Library Journal
If you've grown up at a time when orbiting satellites were taken for granted, you'd probably not find reading a book about longitude an enticing prospect. But Sobel, an award-winning former science reporter for The New York Times who writes frequently for Audubon, Discover, LIFE, and Omni magazines, has transformed what could have been a dry subject into an interesting tale of scientific discovery. It is difficult to realize that a problem that can now be solved with a couple of cheap watches and a few simple calculations at one time appeared insurmountable. In 1714, the British Parliament offered a king's ransom of 20 million ($12 million in today's currency) to anyone who could solve the problem of how to measure longitude at sea. Sobel recounts clockmaker John Harrison's lifelong struggle to win this prize by developing a timepiece impervious to the pitch and roll of the sea. His clock, known today as the chronometer, was rejected by the Longitude Board, which favored a celestial solution.--James Olson, Northeastern Illinois Univ. Library, Chicago
Library Journal
We take so much for granted. Few of us have ever thought about why and how sailors navigate without becoming lost the moment land is no longer in sight. In fact, prior to the 18th century, whole navies, thousands of lives, and great fortunes were lost because no one knew how to measure longitude. Here is the story of the growing need, the parliamentary offers of huge awards, the politics, the frustrations, and the eventual success of John Harrison. An unschooled woodworker, Harrison developed the chronometer, which was much criticized at the outset in part because competition for the princely rewards was so fierce. The interlocking histories of astronomy, clocks, and navigation reveal the significance of the problem to the seagoing world, the parallel efforts to find answers, and Harrison's drive for perfection and resolution. While the complexities of the problems and personalities are not always easy to follow here, this abridged recording is nonetheless an interesting chronicle of scientific achievement.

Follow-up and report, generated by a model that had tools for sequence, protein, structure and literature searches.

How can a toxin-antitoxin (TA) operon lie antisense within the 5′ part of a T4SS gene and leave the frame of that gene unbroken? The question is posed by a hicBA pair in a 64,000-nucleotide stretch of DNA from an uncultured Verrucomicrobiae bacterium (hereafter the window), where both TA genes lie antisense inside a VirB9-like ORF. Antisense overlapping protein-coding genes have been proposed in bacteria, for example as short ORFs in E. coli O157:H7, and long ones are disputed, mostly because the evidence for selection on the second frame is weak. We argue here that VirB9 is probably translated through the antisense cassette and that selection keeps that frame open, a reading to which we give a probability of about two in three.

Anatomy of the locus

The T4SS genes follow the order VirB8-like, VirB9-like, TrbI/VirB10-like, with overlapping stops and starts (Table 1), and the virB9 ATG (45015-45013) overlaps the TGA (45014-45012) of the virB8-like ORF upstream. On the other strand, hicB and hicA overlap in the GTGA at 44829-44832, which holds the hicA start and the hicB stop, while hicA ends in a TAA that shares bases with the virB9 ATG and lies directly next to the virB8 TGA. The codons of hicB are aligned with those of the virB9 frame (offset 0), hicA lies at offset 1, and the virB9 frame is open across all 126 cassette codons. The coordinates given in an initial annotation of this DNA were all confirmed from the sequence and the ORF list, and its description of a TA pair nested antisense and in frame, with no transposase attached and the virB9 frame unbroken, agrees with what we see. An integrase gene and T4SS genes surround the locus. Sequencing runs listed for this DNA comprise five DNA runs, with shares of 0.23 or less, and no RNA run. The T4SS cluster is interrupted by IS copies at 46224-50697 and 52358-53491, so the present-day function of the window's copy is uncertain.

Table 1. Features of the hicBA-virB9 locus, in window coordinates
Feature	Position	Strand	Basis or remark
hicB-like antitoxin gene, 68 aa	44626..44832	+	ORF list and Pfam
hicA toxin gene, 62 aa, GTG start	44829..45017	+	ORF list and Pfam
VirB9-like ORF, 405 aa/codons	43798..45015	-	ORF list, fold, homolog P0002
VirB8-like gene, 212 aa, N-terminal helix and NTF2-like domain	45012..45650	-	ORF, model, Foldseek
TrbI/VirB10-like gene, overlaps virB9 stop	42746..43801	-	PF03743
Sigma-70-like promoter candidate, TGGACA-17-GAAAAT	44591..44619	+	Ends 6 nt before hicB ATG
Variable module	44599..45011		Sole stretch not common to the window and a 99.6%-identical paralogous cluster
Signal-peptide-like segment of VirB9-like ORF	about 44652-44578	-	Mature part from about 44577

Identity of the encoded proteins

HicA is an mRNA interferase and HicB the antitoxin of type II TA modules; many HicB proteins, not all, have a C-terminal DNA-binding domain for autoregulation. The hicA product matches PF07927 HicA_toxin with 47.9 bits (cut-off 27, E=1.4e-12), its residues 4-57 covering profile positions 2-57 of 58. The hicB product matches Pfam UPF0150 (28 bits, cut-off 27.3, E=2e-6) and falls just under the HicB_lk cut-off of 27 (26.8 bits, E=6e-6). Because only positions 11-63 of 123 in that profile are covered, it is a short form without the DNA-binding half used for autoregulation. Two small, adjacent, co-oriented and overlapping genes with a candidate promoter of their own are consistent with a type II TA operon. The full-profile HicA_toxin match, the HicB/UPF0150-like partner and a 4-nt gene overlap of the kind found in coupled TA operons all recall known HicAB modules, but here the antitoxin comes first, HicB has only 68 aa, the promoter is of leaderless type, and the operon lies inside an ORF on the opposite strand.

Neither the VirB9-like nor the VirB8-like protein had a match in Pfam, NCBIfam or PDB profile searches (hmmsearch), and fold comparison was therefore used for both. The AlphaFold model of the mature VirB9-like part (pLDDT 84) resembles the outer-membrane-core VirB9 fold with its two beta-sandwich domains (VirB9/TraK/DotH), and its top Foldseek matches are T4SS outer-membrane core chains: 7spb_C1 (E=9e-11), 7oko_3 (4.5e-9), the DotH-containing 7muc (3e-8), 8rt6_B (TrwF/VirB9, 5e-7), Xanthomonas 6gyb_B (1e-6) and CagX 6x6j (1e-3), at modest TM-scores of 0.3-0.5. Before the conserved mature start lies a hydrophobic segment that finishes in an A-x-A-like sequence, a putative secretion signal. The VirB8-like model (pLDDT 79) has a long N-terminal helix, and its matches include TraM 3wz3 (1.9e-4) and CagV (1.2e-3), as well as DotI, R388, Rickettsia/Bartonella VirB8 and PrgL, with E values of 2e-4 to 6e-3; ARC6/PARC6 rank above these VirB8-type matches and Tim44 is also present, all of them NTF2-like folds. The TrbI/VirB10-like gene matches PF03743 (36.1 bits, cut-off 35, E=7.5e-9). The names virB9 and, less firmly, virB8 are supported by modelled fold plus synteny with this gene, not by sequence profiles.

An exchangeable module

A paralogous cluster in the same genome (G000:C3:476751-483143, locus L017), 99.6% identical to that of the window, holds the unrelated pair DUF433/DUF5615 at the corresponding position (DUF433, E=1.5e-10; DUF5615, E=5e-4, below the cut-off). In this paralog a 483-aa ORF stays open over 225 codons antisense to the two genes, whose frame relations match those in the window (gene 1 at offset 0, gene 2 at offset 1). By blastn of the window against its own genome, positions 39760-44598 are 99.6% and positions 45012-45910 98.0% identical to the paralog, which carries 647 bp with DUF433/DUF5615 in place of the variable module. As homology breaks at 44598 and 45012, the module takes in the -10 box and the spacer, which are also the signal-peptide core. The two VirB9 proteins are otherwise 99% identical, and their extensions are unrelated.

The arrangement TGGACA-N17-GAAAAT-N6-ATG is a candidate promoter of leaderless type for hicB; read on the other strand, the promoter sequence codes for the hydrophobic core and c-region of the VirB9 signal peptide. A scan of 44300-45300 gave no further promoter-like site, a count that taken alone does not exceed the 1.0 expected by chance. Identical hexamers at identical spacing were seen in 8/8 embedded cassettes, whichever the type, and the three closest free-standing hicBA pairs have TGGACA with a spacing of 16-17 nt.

School Library Journal
Opening with a chapter that outlines what follows, Sobel whets readers' appetites for hearing the colorful details of the search for a way for mariners to determine longitude. In an age when ships' stores were limited and scurvy killed many a seaman, missing a landfall often meant death-as, of course, did running aground. Sobel provides a lively treatment of the search through the centuries for a ready answer to the longitude problem, either through using lunar tables or through making an accurate clock not subject to the vicissitudes of weather and ocean conditions. Her account includes not only scientific advances, but also the perseverance, pettiness, politics, and interesting anecdotes that figured in along the way (it wasn't limes, for example, that first prevented scurvy on English ships, but sauerkraut). A pleasing mixture of basic science, cultural history, and personality conflicts makes this slim volume a winner.-Judy McAloon, Potomac Library, Prince William County, VA
Booknews
This smart little (5x7.5") book contains the engrossing story of John Harrison's (1693-1776) 40-year obsession with the "the longitude problem" which resulted in what is known today as the chronometer, a tool that finally made accurate ocean navigation possible. Annotation c. Book News, Inc., Portland, OR (booknews.com)
Gilbert Taylor